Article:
A child's head is typically the heaviest part of his body, and he can easily tip over and have difficulty standing up. This is just one reason why infants and toddlers are prone to drowning in shallow water. The seconds and minutes following the moment a child is found unconscious are crucial in saving his life. CPR, Cardiopulmonary Resuscitation, is a useful skill in this situation; however, it is recommended that you learn CPR and gain certification from professional.
Single Person CPR
Instruct someone to call 911 ONLY if others are around. Do NOT leave the child or infant alone to call 911 yourself. If you are alone, begin CPR.
Remove the child from the water and place him on flat on the ground in a supine position, i.e. face-up.
Check the child/infant's level of consciousness. Touch the bottom of his feet, tap the child/infant's shoulder, call out his name. Check for a response---a sound, moan, flinch when you touch him. Do not shake the child.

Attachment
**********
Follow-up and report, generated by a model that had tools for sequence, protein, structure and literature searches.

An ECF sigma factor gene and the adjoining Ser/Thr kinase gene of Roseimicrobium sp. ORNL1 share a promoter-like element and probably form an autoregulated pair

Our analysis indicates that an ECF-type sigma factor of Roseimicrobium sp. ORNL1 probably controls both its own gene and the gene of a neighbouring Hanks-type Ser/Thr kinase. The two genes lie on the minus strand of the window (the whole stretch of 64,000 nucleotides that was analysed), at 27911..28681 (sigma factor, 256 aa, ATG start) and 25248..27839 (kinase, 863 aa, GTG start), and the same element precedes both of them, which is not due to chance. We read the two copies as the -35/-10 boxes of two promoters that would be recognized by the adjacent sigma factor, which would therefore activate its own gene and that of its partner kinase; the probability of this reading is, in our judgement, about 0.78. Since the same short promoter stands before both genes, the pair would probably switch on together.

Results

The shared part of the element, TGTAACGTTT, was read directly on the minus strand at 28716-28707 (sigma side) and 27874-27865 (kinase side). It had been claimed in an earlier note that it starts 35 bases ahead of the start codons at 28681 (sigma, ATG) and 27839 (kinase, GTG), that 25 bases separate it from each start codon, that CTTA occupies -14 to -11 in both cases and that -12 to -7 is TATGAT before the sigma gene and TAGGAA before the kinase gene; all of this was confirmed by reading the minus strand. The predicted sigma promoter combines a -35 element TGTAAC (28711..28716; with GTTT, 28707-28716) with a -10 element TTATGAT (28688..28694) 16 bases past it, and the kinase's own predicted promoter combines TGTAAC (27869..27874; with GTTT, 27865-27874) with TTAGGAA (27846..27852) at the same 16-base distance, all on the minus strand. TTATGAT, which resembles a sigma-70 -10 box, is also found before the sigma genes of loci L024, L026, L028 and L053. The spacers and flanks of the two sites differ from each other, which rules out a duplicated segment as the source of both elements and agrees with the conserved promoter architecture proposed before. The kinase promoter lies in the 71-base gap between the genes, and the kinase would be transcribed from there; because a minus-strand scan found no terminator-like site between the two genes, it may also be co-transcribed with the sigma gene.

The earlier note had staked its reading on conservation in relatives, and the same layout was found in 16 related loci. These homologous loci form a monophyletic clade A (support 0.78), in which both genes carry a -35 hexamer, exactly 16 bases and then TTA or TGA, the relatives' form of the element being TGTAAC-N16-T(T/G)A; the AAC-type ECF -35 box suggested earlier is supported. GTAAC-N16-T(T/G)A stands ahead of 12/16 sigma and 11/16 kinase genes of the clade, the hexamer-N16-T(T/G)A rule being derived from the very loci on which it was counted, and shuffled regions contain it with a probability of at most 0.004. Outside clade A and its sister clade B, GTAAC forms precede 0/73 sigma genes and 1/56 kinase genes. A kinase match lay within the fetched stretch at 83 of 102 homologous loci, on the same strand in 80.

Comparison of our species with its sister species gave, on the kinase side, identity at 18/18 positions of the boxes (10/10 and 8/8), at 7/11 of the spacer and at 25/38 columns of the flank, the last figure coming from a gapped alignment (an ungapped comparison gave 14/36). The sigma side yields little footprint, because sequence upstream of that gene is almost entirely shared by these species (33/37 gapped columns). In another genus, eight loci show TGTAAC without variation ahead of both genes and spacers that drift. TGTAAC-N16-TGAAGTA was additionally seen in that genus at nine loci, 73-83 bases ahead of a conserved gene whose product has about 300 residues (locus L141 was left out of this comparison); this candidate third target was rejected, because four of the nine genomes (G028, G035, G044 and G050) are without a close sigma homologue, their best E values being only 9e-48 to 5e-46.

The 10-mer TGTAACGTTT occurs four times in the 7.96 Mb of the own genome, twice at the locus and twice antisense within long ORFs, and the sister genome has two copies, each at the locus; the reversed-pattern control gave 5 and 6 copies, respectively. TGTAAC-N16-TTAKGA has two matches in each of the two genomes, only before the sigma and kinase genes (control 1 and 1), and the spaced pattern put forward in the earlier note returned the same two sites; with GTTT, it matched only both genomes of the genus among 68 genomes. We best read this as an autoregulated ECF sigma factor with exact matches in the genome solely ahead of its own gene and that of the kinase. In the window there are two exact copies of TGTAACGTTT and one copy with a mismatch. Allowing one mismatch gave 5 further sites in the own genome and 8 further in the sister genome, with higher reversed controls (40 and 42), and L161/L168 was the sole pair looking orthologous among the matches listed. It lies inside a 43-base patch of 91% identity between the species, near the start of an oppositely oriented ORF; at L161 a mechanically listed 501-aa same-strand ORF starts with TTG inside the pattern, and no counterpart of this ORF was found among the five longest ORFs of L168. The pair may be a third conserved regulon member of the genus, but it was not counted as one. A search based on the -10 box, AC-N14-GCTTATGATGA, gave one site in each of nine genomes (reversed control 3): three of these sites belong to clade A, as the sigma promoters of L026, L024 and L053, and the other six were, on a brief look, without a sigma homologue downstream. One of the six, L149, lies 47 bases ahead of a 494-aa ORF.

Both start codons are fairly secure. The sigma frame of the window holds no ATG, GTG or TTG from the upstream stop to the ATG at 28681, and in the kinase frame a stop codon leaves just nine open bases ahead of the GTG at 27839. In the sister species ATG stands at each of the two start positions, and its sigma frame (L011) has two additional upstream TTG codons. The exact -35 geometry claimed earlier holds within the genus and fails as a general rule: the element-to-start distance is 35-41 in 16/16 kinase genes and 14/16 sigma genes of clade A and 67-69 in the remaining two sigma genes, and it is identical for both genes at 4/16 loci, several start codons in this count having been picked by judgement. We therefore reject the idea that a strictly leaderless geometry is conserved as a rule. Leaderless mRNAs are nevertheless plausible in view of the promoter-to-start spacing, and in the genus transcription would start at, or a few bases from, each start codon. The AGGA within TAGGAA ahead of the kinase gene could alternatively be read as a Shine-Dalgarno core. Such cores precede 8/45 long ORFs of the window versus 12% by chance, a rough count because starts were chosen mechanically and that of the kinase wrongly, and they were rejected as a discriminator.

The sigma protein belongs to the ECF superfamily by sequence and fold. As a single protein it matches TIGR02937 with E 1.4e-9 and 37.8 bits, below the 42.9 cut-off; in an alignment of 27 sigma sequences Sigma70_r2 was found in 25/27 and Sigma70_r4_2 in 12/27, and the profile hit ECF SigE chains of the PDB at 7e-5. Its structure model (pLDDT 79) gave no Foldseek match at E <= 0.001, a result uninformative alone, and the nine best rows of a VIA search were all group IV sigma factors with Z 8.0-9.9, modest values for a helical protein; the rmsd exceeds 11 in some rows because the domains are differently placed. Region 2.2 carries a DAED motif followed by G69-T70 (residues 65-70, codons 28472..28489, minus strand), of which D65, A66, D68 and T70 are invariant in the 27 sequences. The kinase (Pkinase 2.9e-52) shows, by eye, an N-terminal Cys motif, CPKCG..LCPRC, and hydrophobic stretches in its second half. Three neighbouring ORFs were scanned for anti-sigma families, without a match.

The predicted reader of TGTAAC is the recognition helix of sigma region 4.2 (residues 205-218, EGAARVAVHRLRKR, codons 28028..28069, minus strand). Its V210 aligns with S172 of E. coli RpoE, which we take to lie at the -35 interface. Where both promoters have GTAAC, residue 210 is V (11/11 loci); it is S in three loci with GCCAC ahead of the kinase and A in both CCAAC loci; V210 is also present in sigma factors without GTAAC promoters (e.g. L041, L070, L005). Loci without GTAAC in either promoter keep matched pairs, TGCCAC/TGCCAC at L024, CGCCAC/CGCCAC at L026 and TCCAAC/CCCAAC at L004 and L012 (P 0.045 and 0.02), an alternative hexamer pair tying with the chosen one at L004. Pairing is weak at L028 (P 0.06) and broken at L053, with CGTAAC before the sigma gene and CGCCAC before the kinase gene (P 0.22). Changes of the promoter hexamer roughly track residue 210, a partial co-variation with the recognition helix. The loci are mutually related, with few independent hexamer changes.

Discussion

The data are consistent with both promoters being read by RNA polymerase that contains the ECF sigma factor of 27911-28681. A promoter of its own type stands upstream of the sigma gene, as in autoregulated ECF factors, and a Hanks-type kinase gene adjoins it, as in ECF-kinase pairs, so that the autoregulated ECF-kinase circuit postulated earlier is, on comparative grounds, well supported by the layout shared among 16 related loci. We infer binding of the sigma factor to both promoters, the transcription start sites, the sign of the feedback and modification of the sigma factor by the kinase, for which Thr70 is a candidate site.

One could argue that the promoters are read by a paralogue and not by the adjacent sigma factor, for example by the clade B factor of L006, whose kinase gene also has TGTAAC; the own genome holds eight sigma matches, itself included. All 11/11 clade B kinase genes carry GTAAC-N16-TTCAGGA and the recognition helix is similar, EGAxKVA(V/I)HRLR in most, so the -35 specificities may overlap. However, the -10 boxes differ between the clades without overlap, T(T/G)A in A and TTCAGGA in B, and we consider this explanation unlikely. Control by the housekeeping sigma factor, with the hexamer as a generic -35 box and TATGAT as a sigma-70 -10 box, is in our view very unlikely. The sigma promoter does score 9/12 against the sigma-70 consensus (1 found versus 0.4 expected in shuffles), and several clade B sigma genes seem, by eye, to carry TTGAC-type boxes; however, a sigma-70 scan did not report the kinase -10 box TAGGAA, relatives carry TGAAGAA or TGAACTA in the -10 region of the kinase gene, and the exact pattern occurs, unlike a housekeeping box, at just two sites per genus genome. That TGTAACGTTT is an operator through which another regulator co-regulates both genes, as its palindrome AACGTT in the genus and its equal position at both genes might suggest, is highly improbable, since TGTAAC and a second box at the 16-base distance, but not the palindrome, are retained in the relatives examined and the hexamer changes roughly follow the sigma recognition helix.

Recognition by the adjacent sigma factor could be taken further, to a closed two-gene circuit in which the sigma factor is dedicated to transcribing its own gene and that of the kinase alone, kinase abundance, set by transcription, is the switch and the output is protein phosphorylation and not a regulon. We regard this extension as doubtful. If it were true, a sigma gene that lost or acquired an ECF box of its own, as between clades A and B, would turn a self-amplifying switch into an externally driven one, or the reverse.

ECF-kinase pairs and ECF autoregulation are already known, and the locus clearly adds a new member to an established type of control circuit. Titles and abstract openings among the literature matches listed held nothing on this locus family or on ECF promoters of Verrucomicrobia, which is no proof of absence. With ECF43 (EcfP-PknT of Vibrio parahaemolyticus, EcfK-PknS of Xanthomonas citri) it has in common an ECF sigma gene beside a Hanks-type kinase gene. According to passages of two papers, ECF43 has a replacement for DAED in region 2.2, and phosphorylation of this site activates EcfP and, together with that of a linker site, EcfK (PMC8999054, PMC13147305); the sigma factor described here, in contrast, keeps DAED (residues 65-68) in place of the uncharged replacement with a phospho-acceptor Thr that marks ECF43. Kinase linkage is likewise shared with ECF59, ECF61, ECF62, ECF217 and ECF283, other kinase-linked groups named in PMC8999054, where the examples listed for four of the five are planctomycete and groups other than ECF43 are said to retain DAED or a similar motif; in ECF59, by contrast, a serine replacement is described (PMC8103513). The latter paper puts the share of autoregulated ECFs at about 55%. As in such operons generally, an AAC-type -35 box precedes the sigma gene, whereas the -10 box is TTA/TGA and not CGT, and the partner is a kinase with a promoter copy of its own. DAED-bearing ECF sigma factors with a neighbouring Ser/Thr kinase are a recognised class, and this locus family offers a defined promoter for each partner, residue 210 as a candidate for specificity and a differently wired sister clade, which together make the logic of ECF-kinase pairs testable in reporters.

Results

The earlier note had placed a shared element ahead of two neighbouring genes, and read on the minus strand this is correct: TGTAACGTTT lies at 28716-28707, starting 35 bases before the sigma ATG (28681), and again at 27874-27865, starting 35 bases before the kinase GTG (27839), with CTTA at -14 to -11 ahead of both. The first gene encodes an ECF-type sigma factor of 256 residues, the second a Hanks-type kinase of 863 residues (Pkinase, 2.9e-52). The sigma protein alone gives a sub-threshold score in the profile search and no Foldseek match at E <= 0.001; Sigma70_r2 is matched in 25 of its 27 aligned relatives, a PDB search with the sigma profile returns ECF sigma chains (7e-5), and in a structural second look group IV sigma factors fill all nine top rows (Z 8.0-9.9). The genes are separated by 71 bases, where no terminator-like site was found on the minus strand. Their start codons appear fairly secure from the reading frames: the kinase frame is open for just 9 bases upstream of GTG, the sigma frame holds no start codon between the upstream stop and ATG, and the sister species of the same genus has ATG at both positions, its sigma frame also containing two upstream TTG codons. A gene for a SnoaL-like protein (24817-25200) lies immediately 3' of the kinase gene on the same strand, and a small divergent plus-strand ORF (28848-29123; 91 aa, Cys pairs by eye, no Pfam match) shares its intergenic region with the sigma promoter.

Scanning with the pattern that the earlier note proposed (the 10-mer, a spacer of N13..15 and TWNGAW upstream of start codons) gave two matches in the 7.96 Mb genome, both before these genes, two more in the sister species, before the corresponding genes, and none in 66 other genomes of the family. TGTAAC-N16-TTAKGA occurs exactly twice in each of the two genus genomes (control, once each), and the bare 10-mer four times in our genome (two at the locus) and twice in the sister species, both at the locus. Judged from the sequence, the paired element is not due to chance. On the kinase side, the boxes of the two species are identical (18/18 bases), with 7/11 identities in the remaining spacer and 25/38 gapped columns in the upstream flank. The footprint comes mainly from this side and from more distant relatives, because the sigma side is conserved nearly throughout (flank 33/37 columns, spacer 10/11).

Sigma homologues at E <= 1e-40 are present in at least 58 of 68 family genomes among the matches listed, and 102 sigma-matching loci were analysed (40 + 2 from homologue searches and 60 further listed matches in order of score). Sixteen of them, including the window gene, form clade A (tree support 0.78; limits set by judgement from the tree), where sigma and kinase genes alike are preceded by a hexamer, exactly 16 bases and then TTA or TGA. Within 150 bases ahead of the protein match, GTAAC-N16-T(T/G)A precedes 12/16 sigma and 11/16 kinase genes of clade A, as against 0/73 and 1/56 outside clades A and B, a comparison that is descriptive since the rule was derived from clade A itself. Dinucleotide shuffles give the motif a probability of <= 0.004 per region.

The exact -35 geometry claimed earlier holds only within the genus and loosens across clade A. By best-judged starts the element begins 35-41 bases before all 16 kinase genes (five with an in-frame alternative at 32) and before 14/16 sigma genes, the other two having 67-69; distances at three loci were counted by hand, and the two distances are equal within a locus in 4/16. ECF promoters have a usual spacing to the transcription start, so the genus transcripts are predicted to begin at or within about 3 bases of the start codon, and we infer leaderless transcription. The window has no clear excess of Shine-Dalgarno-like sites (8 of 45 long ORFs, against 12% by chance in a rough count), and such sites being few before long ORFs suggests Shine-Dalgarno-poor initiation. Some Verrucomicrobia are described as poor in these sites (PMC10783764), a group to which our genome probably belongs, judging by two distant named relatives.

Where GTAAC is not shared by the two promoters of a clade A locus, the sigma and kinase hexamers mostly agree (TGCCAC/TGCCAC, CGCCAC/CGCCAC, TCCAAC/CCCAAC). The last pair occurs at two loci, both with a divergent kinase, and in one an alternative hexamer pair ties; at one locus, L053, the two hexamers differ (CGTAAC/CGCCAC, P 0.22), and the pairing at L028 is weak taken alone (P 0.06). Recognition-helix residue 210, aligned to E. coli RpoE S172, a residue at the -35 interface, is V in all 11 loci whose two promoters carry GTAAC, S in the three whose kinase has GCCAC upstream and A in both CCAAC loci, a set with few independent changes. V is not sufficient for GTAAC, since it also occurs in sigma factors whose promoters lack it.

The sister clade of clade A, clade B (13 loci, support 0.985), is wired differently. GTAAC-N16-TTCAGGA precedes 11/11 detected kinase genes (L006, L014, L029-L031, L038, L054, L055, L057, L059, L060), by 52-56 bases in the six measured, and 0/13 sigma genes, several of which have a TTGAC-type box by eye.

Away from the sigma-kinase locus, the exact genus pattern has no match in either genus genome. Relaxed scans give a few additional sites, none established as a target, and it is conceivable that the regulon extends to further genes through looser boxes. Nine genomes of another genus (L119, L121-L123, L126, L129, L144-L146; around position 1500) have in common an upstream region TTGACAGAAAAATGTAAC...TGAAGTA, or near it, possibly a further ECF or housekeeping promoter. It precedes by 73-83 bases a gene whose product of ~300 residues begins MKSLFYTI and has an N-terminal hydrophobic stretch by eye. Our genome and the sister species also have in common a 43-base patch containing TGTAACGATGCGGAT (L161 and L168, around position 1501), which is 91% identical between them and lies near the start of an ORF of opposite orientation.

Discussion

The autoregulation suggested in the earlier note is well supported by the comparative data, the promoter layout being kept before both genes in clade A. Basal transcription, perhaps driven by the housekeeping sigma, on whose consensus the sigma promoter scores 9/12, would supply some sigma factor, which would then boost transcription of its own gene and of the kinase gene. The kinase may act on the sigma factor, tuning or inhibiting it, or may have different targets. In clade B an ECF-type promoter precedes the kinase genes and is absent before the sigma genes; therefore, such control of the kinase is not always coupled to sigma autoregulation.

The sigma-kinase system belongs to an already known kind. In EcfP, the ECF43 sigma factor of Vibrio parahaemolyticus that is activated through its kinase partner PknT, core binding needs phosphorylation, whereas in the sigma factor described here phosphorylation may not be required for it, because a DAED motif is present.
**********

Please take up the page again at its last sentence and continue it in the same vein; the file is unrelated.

Tilt the child's head back slightly to open the airway. Place your ear and cheek over the child's face to check for breathing. Note if you feel the child/infant's breath on your cheek. Watch to see if his chest is rising and falling. Do not check for longer than 10 seconds.
Deliver two rescue breaths by placing your mouth over the child's mouth and squeezing the nose shut. On an infant, perform two rescue breaths by placing your mouth over the mouth and nose. Watch to make sure his chest rises with each breath you blow in, indicating the breaths have entered the lungs.
Check for a pulse rate for 5 to 10 at the carotid artery in the neck. In an infant, check the brachial artery, found on the inside of the upper arm. If there is a pulse, resume rescue breathing. If there is no pulse or if the pulse is weak, begin chest compressions.
Perform two-hand chest compressions on children age 1 to puberty. You may perform one-hand compressions on smaller children. On infants, use two fingers between the nipples. Perform 30 chest compressions.
Repeat the cycle of two rescue breaths to 30 compressions five times. Once you have completed that cycle, contact 911.